# American Institute of Mathematical Sciences

2015, 12(6): 1189-1202. doi: 10.3934/mbe.2015.12.1189

## Synergistic effect of blocking cancer cell invasion revealed by computer simulations

 1 Division of Mathematical Oncology, Institute of Medical Science, University of Tokyo, 4-6-1 Shirokanedai Minato-ku, Tokyo, 108-8639, Japan

Received  October 2014 Revised  June 2015 Published  August 2015

Invasion and metastasis are the main cause of death in cancer patients. The initial step of invasion is the degradation of extracellular matrix (ECM) by primary cancer cells in a tissue. Membranous metalloproteinase MT1-MMP and soluble metalloproteinase MMP-2 are thought to play an important role in the degradation of ECM. In the previous report, we found that the repetitive insertion of MT1-MMP to invadopodia was crucial for the effective degradation of ECM (Hoshino, D., et al., PLoS Comp. Biol., 2012, e1002479). However, the role of MMP-2 and the effect of inhibitors for these ECM-degrading proteases were still obscure. Here we investigated these two problems by using the same model as in the previous report. First we tested the effect of MMP-2 and found that while MT1-MMP played a major role in the degradation of ECM, MMP-2 played only a marginal effect on the degradation of ECM. Based on these findings, we next tested the effect of a putative inhibitor for MT1-MMP and found that such inhibitor was ineffective in blocking ECM degradation. Then we tested combined strategy including inhibitor for MT1-MMP, reduction of its turnover and its content in vesicles. A synergistic effect of combined strategy was observed in the decrease in the efficacy of ECM degradation. Our simulation study suggests the importance of combined strategy in blocking cancer invasion and metastasis.
Citation: Kazuhisa Ichikawa. Synergistic effect of blocking cancer cell invasion revealed by computer simulations. Mathematical Biosciences & Engineering, 2015, 12 (6) : 1189-1202. doi: 10.3934/mbe.2015.12.1189
##### References:
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##### References:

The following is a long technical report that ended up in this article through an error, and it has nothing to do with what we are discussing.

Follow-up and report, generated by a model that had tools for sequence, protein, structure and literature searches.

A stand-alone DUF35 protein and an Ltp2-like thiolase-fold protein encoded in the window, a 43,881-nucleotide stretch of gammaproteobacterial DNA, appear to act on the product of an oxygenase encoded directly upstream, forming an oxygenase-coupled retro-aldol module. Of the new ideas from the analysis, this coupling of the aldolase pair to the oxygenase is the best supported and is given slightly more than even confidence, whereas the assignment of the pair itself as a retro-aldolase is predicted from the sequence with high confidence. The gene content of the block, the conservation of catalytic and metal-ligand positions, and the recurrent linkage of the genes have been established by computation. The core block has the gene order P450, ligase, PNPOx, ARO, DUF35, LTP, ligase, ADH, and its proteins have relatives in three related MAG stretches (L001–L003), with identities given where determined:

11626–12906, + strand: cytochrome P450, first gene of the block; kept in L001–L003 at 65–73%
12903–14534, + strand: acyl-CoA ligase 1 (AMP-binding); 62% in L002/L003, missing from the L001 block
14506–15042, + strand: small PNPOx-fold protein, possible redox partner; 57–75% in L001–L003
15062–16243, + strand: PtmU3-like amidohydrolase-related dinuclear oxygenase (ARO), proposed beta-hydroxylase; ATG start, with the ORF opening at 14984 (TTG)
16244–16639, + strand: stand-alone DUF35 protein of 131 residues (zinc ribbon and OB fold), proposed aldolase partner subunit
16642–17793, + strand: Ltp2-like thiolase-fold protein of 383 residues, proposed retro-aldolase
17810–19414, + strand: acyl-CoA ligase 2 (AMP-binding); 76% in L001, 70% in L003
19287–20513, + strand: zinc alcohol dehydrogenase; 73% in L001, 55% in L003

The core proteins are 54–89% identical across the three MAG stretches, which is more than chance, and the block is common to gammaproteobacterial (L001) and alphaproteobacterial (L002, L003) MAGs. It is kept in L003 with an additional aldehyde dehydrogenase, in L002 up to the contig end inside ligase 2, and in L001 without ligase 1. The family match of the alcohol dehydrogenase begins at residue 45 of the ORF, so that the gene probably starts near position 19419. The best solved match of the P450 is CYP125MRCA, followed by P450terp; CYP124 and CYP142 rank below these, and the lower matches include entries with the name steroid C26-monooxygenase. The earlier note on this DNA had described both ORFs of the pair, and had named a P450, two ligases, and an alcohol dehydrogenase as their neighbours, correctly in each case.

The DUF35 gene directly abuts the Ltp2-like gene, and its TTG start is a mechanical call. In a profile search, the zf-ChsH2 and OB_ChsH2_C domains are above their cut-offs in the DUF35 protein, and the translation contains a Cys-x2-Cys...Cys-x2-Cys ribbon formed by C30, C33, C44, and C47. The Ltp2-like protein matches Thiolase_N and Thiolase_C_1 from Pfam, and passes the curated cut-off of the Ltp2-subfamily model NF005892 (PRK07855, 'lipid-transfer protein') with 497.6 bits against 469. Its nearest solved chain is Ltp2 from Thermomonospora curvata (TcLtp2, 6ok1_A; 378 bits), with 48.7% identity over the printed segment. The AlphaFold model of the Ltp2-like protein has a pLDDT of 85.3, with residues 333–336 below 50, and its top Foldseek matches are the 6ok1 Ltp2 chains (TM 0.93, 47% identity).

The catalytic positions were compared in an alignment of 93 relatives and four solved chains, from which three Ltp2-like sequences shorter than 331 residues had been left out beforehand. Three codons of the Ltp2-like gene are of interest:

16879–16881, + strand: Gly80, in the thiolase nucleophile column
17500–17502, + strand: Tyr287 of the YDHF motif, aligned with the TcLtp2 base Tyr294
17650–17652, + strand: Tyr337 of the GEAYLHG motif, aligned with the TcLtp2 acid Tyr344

[1] V. V. Artym, Y. Zhang, F. Seillier-Moiseiwitsch, K. M. Yamada and S. C. Mueller, Dynamic interactions of cortactin and membrane type 1 matrix metalloproteinase at invadopodia: defining the stages of invadopodia formation and function, Cancer Res, 66 (2006), 3034-3043. doi: 10.1158/0008-5472.CAN-05-2177. [2] H. F. Bigg, C. J. Morrison, G. S. Butler, M. A. Bogoyevitch and Z. Wang, et al., Tissue inhibitor of metalloproteinases-4 inhibits but does not support the activation of gelatinase A via efficient inhibition of membrane type 1-matrix metalloproteinase, Cancer Res, 61 (2001), 3610-3618. [3] M. Egeblad and Z. Werb, New functions for the matrix metalloproteinases in cancer progression, NatRevCancer, 2 (2002), 161-174. doi: 10.1038/nrc745. [4] D. Hoshino, N. Koshikawa, T. Suzuki, V. Quaranta and A. M. Weaver, et al., Establishment and validation of computational model for MT1-MMP dependent ECM degradation and intervention strategies, PLoS Comput Biol, 8 (2012), e1002479. doi: 10.1371/journal.pcbi.1002479. [5] K. Ichikawa, A-Cell: graphical user interface for the construction of biochemical reaction models, Bioinformatics, 17 (2001), 483-484. doi: 10.1093/bioinformatics/17.5.483. [6] K. Ichikawa, A modeling environment with three-dimensional morphology, A-Cell-3D, and Ca2+ dynamics in a spine, Neuroinformatics, 3 (2005), 49-64. [7] E. Maquoi, D. Assent, J. Detilleux, C. Pequeux and J. M. Foidart, et al., MT1-MMP protects breast carcinoma cells against type I collagen-induced apoptosis, Oncogene, 31 (2012), 480-493. doi: 10.1038/onc.2011.249. [8] H. Nagase, R. Visse and G. Murphy, Structure and function of matrix metalloproteinases and TIMPs, Cardiovasc Res, 69 (2006), 562-573. doi: 10.1016/j.cardiores.2005.12.002. [9] T. Nonaka, K. Nishibashi, Y. Itoh, I. Yana and M. Seiki, Competitive disruption of the tumor-promoting function of membrane type 1 matrix metalloproteinase/matrix metalloproteinase-14 in vivo, MolCancer Ther, 4 (2005), 1157-1166. [10] M. Schoumacher, R. D. Goldman, D. Louvard and D. M. Vignjevic, Actin, microtubules, and vimentin intermediate filaments cooperate for elongation of invadopodia, J Cell Biol, 189 (2010), 541-556. doi: 10.1083/jcb.200909113. [11] K. Taniwaki, H. Fukamachi, K. Komori, Y. Ohtake and T. Nonaka, et al., Stroma-derived matrix metalloproteinase (MMP)-2 promotes membrane type 1-MMP-dependent tumor growth in mice, Cancer Res, 67 (2007), 4311-4319. doi: 10.1158/0008-5472.CAN-06-4761. [12] A. Watanabe, D. Hosino, N. Koshikawa, M. Seiki and T. Suzuki, et al., Critical role of transient activity of MT1-MMP for ECM degradation in invadopodia, PLoS Comput Biol, 9 (2013), e1003086. [13] A. M. Weaver, Invadopodia: Specialized cell structures for cancer invasion, ClinExpMetastasis, 23 (2006), 97-105. doi: 10.1007/s10585-006-9014-1.
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